Overview of Online Bachelor's Degree Programs
Before enrolling in an online bachelor's degree program, it is important to consider the characteristics and requirements of these types of programs. In many key areas, online bachelor's degree programs work much the same way as on-campus programs, but there are a few key distinctions related to major declaration, degree requirements, course scheduling and general communications that must be considered. Let's take a look at a few.
Like traditional on-campus bachelor's degree programs, online degrees can be earned in about 4 years unless students plan to participate in the program on a part-time basis. Some programs can be completed more quickly also, especially acclerated programs. In accelerated programs, students can receive credit for previous life or work experiences; take shorter, more-focused courses; and take more courses at one time. For instance, a course in an accelerated program could be completed in 3-10 weeks, instead of the more common 16 weeks.
Declaring a Major
One difference between studying online and enrolling in a traditional degree program is that students must usually choose their program of study before enrolling, whereas students taking courses on campus may wait for a year or more before they decide to declare a major.
Depending on the school and specific course, online courses may be offered in a asynchronous or synchronous delivery format. Asynchronous delivery allows students complete all their coursework at their convenience, as long as they meet the course end date. Students in these courses download lectures or watch them via streaming video. They also have access to study notes, digital learning materials and assignments.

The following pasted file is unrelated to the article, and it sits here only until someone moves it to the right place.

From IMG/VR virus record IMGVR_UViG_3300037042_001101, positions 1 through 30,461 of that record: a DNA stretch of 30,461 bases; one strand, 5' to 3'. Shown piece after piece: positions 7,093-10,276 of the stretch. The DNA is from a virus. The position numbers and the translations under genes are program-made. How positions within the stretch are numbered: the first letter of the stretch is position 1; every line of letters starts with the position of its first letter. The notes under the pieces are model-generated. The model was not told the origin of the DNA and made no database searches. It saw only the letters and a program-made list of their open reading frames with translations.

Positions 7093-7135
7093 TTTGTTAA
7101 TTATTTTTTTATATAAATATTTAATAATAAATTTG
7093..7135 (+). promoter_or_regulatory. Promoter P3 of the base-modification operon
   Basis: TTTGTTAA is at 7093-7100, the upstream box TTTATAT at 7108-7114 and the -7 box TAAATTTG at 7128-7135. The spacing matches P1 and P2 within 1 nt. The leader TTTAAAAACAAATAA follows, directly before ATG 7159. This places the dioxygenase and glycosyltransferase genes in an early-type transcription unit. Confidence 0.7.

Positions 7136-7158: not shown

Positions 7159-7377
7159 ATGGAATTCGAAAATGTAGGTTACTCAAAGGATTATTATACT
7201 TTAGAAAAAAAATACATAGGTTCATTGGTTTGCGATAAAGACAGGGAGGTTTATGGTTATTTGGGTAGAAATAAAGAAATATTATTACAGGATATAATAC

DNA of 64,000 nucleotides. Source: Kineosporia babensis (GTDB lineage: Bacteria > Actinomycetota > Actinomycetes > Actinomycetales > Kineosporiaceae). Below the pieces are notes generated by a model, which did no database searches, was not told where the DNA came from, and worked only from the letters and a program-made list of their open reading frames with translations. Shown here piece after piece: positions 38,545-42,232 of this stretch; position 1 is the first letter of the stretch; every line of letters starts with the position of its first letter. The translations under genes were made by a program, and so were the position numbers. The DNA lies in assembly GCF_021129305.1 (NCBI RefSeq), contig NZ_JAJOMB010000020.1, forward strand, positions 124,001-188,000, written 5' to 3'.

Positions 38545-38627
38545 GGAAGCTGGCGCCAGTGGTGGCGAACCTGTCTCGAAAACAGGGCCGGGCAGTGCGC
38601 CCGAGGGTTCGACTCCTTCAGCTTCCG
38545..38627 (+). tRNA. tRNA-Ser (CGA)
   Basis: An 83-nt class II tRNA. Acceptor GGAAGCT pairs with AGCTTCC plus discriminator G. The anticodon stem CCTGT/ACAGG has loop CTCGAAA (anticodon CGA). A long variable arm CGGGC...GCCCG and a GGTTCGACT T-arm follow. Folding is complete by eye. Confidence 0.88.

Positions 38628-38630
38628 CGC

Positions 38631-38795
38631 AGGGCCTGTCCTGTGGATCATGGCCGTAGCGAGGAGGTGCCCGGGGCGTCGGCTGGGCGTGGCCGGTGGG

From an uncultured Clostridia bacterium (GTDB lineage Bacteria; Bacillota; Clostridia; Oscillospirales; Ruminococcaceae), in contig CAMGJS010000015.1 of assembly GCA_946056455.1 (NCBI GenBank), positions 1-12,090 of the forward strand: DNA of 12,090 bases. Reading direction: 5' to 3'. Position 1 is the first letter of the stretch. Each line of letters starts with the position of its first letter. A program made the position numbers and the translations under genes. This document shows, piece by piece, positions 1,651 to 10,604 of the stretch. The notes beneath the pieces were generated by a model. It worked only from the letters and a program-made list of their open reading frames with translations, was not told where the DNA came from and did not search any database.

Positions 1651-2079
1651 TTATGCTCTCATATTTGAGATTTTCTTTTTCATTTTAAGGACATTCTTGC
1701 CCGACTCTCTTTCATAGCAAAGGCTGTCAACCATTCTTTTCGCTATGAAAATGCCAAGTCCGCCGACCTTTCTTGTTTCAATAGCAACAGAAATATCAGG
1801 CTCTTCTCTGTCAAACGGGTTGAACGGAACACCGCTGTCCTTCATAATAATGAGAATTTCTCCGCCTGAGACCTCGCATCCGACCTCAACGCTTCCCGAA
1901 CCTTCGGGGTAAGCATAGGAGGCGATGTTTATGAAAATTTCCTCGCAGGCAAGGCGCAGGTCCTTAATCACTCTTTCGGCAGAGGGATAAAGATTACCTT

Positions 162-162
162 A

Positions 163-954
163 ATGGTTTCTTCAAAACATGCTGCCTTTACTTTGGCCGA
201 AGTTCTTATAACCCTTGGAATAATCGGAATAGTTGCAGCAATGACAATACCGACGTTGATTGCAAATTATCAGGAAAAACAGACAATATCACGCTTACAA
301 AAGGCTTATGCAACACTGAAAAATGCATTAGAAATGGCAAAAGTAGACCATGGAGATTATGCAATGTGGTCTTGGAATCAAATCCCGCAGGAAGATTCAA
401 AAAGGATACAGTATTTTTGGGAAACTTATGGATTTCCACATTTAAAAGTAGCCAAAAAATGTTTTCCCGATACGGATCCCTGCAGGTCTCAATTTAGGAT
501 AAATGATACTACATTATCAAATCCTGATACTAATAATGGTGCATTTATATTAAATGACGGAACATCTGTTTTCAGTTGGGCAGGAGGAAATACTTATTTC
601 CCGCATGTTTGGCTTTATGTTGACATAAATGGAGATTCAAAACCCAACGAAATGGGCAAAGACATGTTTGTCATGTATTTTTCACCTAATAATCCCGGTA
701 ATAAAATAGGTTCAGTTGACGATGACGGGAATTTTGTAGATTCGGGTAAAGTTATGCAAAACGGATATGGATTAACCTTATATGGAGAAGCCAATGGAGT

Synchronous courses, on the other hand, meet at fixed times, so students will need to log in and watch live lectures at the same time as their classmates. These types of courses might feature interactive discussions or assignments.
Although many bachelor's degree programs are available entirely online, there are also some hybrid programs that include some on-campus requirements, like in-person laboratory sections. This means that, even if lectures are delivered asynchronously, students may need to attend scheduled on-campus classes or seminars.
Students in online programs can access all course lessons and assignments from their own homes, offices, or anywhere they have internet access. Generally, students complete lessons or quizzes on their own time and submit them via an online learning platform.
Online discussion boards, emails and chat sessions are the primary forms of communication between students and instructors and between classmates. In scheduled classes, students often also communicate via special chat rooms or instant messaging - this allows for more give-and-take, similar to that found in a traditional classroom. Whiteboard technology may also be in use, where the teacher will be able to draw on a whiteboard and students will be able to see the info on their computer screens.